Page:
• Palazzo Vecchio - inside is the Hall of 500 an impressive hall with magnificent frescos and elaborate ceiling work which will leave you speechless. In the Inferno film, this is the location of the iconic scene where the assassin gets killed and falls through the ceiling).
  • Boboli Gardens - the garden is huge and in some parts left very natural so it’s a joy to wander around in its maze-like hedges and get lost in it. The garden has three main parts which spread over the surrounding hills, including a rose garden and Parco Bardini.
  • Uffizi Gallery - this is a MUST for any art lover. It’s like the MOMA in New York or the Louvre in Paris. You can’t come to Florence and not indulge in some fine Italian art. You’ll see Botticelli's Venus, Spring and other Italian treasures in this highly curated art museum.
  • Right by the Uffizi Gallery is a small tourist information which sells combi tickets. The tickets are 38 EUR and include entrance to the Boboli Gardens, Uffizi Gallery and Palazzo Pitti and are valid for three consecutive days. Enough time to cover all of your sightseeing.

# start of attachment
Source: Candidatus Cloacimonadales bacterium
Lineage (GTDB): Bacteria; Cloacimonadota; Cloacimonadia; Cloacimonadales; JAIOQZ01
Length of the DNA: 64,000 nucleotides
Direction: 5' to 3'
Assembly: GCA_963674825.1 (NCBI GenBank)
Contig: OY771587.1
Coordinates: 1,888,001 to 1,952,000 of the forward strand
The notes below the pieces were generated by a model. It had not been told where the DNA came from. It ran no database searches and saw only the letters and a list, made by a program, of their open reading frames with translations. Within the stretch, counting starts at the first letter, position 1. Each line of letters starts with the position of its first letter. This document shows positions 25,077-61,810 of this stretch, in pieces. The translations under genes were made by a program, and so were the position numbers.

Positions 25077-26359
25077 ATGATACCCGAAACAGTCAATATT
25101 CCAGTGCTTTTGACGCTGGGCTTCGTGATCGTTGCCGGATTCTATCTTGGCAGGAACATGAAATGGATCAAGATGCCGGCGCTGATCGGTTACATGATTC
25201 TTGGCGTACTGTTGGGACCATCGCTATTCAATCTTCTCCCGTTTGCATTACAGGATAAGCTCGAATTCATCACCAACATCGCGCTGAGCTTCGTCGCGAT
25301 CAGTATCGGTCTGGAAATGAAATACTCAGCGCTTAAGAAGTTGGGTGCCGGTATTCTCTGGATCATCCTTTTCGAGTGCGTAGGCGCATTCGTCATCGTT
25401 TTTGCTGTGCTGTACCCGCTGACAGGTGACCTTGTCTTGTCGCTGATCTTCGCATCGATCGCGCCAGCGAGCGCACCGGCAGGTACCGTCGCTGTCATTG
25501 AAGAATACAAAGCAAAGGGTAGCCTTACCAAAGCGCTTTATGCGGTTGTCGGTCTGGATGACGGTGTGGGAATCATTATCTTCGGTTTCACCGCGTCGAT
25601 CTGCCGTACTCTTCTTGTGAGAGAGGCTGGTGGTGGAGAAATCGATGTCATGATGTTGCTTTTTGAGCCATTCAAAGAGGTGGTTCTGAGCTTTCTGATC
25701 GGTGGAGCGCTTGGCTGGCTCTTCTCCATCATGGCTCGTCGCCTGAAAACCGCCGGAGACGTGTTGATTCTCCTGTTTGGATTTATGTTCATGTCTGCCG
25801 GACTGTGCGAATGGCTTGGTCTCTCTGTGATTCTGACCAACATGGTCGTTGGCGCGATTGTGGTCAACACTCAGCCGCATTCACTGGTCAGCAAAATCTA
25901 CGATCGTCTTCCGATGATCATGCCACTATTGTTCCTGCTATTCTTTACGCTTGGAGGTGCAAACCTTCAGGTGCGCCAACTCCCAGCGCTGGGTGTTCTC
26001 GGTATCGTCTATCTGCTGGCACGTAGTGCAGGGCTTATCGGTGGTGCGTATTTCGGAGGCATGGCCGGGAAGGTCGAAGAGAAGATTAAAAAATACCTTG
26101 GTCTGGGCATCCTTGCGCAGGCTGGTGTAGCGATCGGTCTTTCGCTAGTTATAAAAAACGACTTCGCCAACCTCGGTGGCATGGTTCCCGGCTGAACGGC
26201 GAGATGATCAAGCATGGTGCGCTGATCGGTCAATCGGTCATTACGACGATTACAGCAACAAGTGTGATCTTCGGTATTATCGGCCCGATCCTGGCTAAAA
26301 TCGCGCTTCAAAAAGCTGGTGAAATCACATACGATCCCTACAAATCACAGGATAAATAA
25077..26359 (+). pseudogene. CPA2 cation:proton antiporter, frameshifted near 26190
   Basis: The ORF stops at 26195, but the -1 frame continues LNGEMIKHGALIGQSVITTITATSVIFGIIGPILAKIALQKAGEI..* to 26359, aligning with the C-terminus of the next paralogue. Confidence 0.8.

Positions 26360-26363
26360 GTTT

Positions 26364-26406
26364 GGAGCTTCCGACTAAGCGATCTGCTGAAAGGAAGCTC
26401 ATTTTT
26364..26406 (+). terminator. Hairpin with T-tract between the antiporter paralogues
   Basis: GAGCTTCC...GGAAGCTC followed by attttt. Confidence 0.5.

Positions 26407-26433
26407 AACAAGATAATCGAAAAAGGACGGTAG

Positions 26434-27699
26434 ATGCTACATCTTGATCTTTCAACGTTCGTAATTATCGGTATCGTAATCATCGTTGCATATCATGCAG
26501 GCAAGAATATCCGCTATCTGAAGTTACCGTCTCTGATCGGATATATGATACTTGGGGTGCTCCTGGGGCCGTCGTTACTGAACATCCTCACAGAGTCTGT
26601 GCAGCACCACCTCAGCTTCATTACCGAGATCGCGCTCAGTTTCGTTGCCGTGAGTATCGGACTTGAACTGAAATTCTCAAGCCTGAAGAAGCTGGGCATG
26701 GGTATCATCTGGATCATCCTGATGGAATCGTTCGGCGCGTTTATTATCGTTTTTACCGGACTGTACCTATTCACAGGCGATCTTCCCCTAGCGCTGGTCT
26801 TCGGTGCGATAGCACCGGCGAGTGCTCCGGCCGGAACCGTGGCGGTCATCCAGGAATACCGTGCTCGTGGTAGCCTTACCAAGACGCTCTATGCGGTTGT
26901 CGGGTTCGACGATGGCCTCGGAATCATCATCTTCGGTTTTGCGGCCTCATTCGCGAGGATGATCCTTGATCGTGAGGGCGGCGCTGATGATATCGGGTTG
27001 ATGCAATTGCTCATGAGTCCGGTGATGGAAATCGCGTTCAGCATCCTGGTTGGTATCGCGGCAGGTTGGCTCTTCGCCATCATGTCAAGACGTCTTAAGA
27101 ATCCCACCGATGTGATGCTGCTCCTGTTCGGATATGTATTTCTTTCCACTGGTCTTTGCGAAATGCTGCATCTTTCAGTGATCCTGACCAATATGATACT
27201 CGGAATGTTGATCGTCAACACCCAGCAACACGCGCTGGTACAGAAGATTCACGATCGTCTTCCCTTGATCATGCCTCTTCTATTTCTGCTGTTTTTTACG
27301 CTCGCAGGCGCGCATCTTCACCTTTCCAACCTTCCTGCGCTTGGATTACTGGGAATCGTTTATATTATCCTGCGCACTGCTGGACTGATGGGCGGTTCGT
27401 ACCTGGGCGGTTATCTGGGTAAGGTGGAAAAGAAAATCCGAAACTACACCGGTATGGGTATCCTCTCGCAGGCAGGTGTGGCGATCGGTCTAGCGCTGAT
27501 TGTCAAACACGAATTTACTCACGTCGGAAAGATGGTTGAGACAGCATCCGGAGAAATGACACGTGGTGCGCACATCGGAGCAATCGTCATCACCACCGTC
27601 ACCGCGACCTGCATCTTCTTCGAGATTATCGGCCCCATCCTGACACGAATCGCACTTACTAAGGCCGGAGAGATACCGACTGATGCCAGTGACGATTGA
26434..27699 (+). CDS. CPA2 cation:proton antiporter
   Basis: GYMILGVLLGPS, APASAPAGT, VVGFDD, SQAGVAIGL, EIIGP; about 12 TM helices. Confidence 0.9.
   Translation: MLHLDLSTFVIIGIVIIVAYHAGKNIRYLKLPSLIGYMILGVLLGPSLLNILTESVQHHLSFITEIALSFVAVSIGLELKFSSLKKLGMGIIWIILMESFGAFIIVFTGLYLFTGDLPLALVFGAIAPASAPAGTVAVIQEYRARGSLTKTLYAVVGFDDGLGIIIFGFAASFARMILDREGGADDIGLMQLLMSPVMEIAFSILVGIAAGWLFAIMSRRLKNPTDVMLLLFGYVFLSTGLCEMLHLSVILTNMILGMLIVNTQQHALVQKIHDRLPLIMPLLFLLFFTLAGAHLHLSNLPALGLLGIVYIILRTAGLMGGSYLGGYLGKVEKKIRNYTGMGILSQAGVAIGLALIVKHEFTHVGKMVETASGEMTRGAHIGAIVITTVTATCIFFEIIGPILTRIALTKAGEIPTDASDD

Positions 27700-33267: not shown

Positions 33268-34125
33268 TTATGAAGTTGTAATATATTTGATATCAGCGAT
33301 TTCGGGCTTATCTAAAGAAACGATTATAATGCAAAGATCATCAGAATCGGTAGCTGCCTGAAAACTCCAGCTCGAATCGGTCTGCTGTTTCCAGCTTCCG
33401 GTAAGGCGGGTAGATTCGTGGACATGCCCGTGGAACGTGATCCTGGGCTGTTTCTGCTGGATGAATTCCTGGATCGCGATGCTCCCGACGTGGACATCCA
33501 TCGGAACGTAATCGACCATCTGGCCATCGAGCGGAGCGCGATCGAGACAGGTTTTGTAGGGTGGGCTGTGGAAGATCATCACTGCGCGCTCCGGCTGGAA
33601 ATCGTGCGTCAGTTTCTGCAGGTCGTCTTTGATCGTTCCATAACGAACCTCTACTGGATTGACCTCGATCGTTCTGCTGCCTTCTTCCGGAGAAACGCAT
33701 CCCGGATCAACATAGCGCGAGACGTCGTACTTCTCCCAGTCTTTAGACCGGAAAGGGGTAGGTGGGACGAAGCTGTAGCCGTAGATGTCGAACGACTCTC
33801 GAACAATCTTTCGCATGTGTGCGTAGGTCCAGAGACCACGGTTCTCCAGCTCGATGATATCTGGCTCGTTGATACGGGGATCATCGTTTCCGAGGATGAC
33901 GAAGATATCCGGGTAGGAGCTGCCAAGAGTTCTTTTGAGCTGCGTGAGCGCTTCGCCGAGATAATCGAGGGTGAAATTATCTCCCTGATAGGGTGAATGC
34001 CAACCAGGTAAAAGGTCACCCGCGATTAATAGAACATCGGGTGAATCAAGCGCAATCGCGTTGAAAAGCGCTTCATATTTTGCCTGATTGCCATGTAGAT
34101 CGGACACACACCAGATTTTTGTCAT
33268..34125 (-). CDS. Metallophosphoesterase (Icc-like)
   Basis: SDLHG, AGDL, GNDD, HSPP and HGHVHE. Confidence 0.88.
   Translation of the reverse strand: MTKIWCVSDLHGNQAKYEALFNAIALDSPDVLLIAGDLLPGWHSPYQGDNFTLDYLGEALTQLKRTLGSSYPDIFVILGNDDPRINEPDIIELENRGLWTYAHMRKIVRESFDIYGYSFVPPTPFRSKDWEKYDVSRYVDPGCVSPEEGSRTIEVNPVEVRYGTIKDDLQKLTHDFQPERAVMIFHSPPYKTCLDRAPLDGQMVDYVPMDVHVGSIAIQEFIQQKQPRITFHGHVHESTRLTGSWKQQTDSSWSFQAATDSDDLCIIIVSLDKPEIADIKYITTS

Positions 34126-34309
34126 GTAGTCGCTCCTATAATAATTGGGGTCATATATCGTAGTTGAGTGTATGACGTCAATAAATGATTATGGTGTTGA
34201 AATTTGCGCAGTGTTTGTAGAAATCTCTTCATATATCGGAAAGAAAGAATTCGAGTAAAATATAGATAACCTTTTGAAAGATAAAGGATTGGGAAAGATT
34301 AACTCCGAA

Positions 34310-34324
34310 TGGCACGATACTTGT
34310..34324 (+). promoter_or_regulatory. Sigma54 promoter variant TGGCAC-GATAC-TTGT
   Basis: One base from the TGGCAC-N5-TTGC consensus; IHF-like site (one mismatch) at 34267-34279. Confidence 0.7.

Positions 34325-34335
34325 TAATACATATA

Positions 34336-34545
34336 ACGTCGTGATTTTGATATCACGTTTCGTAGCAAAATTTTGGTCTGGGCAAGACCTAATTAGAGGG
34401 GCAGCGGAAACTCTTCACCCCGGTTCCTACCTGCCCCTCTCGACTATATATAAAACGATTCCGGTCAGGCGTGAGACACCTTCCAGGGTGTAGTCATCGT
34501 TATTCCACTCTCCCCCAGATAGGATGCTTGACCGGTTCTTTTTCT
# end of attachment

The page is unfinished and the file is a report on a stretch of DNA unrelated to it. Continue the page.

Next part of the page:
• Please note, some sights in Italy are closed either on the first or last Monday of the month.
  • Florence Duomo - Undoubtedly Florence's major landmark didn't make it on y visiting list this time but I'm keeping it for a second visit. As the Duomo is THE tourist attraction, booking tickets in advance is advisable. 
  • Indulge in Florence’ diverse culinary scene. There are tonnes of lovely restaurants, cafes, and gelateria, so you can literally spend an entire day just going from one place to another and eat your weight in delicious Italian cuisine. La Dolce Vita at its best!
  • The little narrow streets around Mercato Centrale Florence/ Mercato di San Lorenzo are full of street sellers. Furs, fine leather and souvenirs are mostly sold by locals and the atmosphere is similar to bazaars in Marrakech. It is a great hustle and bustle, as there's lots to see, smell and of course to eat. Inside the market hall, is a huge food market which sells local produce, street and finger food which make it ideal for a quick lunch/afternoon snack.